PORTLAND AND MULTNOMAH County are taking baby steps toward tackling a major problem in the region: sex trafficking.
Sharing the podium with Commissioner Dan Saltzman, County Commissioner Diane McKeel, and a parade of anti-prostitution advocates, Mayor Sam Adams announced on Friday, November 5, that Portland City Council will vote on spending $285,000 to create the state's first shelter specifically for underage victims of sex trafficking. If council approves the money this week, the shelter could open as soon as January 2011.
Adams specifically called out the harm that sex trafficking has done to Portland's reputation—our fair city caught the nickname "Pornland" on an ABC News story this fall about the 2009 FBI sting that ranked Portland the second-biggest hub for sex trafficking in the country. ["Confessions of a Teenage Prostitute," Feature, Sep 3, 2009]
"Portland has a reputation for sustainability, as a livable place," said Adams, but that reputation has been "stained by becoming a hub for juvenile sex trafficking."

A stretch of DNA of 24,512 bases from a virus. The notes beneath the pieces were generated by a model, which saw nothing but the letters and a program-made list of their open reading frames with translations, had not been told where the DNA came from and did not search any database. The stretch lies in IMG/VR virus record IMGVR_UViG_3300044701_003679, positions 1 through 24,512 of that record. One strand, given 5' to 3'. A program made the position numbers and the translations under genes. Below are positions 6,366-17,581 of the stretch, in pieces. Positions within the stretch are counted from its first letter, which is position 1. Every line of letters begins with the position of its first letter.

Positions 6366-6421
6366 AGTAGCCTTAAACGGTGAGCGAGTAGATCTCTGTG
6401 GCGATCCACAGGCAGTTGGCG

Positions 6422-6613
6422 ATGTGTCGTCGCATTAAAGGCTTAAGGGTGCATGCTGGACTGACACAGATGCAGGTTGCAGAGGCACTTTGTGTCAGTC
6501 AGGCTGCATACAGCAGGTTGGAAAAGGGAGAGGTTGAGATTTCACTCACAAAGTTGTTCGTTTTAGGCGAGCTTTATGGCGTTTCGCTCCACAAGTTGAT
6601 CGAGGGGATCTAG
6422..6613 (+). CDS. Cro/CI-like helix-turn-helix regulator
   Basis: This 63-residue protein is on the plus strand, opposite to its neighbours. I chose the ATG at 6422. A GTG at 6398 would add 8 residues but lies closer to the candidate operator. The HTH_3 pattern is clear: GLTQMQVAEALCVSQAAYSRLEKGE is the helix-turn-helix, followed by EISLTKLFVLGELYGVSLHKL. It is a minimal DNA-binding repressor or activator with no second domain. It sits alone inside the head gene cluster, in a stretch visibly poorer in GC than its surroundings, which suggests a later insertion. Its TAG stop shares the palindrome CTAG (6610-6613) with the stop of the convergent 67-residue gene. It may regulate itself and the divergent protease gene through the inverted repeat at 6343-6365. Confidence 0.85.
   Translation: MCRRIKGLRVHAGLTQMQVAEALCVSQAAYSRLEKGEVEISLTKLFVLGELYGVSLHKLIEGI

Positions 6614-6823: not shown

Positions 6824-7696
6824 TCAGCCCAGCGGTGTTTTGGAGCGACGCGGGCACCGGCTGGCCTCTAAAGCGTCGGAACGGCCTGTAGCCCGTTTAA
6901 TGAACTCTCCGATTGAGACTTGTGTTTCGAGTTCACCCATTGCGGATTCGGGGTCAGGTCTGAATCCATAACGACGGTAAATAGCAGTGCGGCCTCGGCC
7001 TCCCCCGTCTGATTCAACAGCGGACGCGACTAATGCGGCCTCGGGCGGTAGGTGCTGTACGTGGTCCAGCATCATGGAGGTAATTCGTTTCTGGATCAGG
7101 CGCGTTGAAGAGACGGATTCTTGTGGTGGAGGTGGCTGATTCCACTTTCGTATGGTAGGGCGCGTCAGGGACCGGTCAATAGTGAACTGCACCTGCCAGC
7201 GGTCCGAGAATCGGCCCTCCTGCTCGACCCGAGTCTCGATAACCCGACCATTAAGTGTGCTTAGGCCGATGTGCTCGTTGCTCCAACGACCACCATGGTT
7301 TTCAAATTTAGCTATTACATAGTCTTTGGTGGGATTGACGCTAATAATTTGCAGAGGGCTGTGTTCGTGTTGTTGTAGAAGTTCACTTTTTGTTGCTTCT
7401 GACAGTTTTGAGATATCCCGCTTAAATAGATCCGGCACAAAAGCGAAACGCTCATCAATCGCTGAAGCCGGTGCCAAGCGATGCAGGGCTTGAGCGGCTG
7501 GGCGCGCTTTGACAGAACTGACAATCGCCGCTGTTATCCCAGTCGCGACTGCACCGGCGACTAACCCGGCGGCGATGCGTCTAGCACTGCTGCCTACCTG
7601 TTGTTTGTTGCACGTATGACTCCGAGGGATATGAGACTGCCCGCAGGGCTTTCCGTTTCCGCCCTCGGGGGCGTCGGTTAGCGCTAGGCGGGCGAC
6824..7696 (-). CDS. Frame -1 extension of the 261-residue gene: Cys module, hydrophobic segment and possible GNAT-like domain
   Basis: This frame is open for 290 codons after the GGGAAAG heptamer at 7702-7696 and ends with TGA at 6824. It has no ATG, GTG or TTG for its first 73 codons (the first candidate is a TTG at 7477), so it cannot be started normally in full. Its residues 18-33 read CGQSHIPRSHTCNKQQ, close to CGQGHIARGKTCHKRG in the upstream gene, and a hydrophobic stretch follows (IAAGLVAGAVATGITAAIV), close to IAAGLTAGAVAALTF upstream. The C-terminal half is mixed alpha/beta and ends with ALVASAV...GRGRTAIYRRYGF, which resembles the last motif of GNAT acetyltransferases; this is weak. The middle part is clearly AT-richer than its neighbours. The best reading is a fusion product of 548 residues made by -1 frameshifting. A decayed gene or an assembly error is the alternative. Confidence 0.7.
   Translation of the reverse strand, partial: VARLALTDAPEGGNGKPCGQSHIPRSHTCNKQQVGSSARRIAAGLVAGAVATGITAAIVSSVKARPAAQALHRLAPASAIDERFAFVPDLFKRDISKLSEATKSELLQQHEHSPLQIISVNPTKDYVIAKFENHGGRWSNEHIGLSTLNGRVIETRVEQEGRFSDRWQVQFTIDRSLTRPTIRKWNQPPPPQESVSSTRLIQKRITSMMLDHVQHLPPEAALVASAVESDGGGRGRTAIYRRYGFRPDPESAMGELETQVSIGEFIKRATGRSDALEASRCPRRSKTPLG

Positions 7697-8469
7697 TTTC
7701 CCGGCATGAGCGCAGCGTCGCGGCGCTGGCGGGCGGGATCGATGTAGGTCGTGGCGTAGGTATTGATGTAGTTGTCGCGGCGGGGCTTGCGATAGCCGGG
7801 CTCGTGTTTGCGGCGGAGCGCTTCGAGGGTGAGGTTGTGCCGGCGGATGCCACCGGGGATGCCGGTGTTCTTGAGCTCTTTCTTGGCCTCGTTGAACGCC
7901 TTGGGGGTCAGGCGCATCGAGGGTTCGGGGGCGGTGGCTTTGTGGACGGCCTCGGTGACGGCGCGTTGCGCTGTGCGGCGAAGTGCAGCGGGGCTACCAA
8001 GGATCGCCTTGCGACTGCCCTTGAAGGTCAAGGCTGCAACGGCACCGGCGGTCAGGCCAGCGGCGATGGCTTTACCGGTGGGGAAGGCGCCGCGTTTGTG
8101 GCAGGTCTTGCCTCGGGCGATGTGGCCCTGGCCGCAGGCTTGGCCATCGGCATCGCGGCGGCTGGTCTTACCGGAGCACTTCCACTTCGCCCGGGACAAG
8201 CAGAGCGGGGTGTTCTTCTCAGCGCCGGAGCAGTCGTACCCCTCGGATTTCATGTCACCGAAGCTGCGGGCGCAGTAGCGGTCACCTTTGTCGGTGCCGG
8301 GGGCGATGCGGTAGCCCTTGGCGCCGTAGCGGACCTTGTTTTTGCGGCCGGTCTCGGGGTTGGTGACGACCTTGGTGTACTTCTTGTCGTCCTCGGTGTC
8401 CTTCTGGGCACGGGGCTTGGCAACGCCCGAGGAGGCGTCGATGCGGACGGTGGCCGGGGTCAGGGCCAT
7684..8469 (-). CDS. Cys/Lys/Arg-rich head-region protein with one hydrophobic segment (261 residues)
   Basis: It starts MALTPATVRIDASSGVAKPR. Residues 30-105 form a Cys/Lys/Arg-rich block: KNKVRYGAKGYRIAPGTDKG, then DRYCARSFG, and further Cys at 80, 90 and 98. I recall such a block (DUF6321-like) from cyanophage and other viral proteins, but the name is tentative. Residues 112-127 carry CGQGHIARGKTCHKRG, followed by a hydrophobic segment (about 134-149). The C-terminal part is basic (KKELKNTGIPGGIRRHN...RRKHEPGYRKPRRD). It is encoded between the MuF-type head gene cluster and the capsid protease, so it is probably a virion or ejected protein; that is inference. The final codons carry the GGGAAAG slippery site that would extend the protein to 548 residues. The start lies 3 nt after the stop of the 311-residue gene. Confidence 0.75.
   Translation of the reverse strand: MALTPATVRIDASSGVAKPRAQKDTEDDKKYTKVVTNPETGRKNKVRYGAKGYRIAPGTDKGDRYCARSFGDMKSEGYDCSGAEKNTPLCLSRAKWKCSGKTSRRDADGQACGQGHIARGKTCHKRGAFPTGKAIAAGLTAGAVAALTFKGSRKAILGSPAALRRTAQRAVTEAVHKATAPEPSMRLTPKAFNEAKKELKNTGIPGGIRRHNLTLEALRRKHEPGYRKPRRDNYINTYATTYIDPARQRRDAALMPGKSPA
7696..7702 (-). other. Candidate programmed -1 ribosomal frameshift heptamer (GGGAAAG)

The money from the city contingency fund will join a $500,000 federal grant administered by Multnomah County to convert an existing Janus Youth shelter into a four-to-eight bed shelter specifically for trafficking victims. The money will also create two sexual assault advocate positions at the Beaverton-based Sexual Assault Resource Center.
"What we've heard over and over is that the biggest needs are for shelter and victim advocates," says McKeel.
A second, long-term sex trafficking shelter is also in the works for Portland, but not slated to open until early 2012. Senator Ron Wyden is likely to snag $900,000 in federal funds to foot some of the cost for building the shelter, where roughly six kids aged 12-17 will live for up to 18 months while they receive counseling, addiction treatment, and get reenrolled in school.
Exact stats on the extent of human trafficking in Portland are tough to come by. The ordinance up for a vote next week says the Portland Police Bureau finds about five cases of underage prostitution per week, but Sergeant Mike Geiger told reporters on Friday that those numbers were probably unreliable. A nationwide FBI sting over the weekend seems to show that the illegal trade has shifted away from Portland as a main hub: Operation Cross Country V turned up three underage prostitutes in Portland, compared to 16 in Seattle, seven in Tacoma, and six in San Francisco.